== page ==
HAPPY THANKSGIVING TO YOU! For those not subscribed yet there is still time to sign up for the newsletter to get a special thank you from Richard and family. If you sign up before the end of November will also receive access to the first ten chapters of Richard Long’s up and coming young-adult fantasy, The Dream Palace. […]
There’s still time to subscribe to the newsletter and get your Turkey Day mailing of the first 30 pages of my forthcoming YA fantasy, The Dream Palace. The first one page chapter titled “The Door” that I posted yesterday sets the mood, takes you to the threshold of The Dream Palace and introduces our first protagonist and the story’s narrator, Chris Sullivan. The second chapter, “Daisy” brings you into the Sullivan household and kicks off the action.
A bit of backstory here: I began The Book of Paul two years before I met my wife, Ariane. At the time, I had no children nor any interest in becoming a parent. But all that changed when we connected and…presto!…we had a son, Nicholas, followed eighteen months later by a baby girl, Emma. I LOVE being a dad, and love my family more than anything, as anyone who knows me well will attest. Nonetheless, I came from a very dark place and I continued to write about all the creepy, traumatic, highly sexual and violent material that fans of The Book of Paul have come to love and loathe. But as my children grew, it became increasingly clear to me at bedtime that I wouldn’t be reading any story of mine while they were still children. So, I decided to write a book for my kids that they could read before they were old enough to vote.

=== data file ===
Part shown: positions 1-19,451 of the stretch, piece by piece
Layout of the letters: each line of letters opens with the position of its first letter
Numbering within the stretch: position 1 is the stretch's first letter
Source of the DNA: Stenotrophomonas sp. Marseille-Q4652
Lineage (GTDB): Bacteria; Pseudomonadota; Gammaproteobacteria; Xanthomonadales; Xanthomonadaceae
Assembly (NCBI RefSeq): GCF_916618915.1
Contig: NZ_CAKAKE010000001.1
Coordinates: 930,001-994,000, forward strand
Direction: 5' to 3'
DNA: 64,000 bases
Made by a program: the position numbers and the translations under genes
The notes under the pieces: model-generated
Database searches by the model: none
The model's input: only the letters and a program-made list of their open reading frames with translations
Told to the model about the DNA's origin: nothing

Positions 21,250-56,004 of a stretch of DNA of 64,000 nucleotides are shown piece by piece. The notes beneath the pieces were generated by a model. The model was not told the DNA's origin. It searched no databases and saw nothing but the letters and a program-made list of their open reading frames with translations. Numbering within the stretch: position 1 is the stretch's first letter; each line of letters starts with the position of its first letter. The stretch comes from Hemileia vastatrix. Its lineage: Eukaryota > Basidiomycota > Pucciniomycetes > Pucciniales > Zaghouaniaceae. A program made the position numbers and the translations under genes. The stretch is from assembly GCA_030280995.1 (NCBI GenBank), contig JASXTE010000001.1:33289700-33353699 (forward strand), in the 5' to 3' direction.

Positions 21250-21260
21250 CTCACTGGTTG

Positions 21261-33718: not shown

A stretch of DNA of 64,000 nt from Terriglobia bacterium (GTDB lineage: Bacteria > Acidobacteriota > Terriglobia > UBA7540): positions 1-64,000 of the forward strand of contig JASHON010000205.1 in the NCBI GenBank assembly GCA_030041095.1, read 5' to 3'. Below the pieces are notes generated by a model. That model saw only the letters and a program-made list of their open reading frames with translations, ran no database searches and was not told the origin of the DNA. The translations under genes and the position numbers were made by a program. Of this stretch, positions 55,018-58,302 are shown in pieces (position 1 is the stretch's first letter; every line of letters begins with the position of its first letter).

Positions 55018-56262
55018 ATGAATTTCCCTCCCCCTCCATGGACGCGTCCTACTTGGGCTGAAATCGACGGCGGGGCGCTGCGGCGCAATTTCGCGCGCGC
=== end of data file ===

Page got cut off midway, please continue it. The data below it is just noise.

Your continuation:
The theme of the story and the impetus to write it came when our daughter turned 4 years old, two years after she had been diagnosed with autism. Like many parents who receive such news, the “experts” inform parents about the “tragedy” of autism — and basically scare the shit out of you. I knew nothing about autism at the time, so I dug into the internet while Ariane read every book ever written on the subject. The news was not good. No one knew what autism was, what caused it, or how to alleviate the more difficult manifestations (I never use the “cure” word anymore for reasons I’ll go into at a later date). At this point, Emma had lost most of the language she had, was making very little eye contact and had obsessive/compulsive behaviors that could be dangerous to her.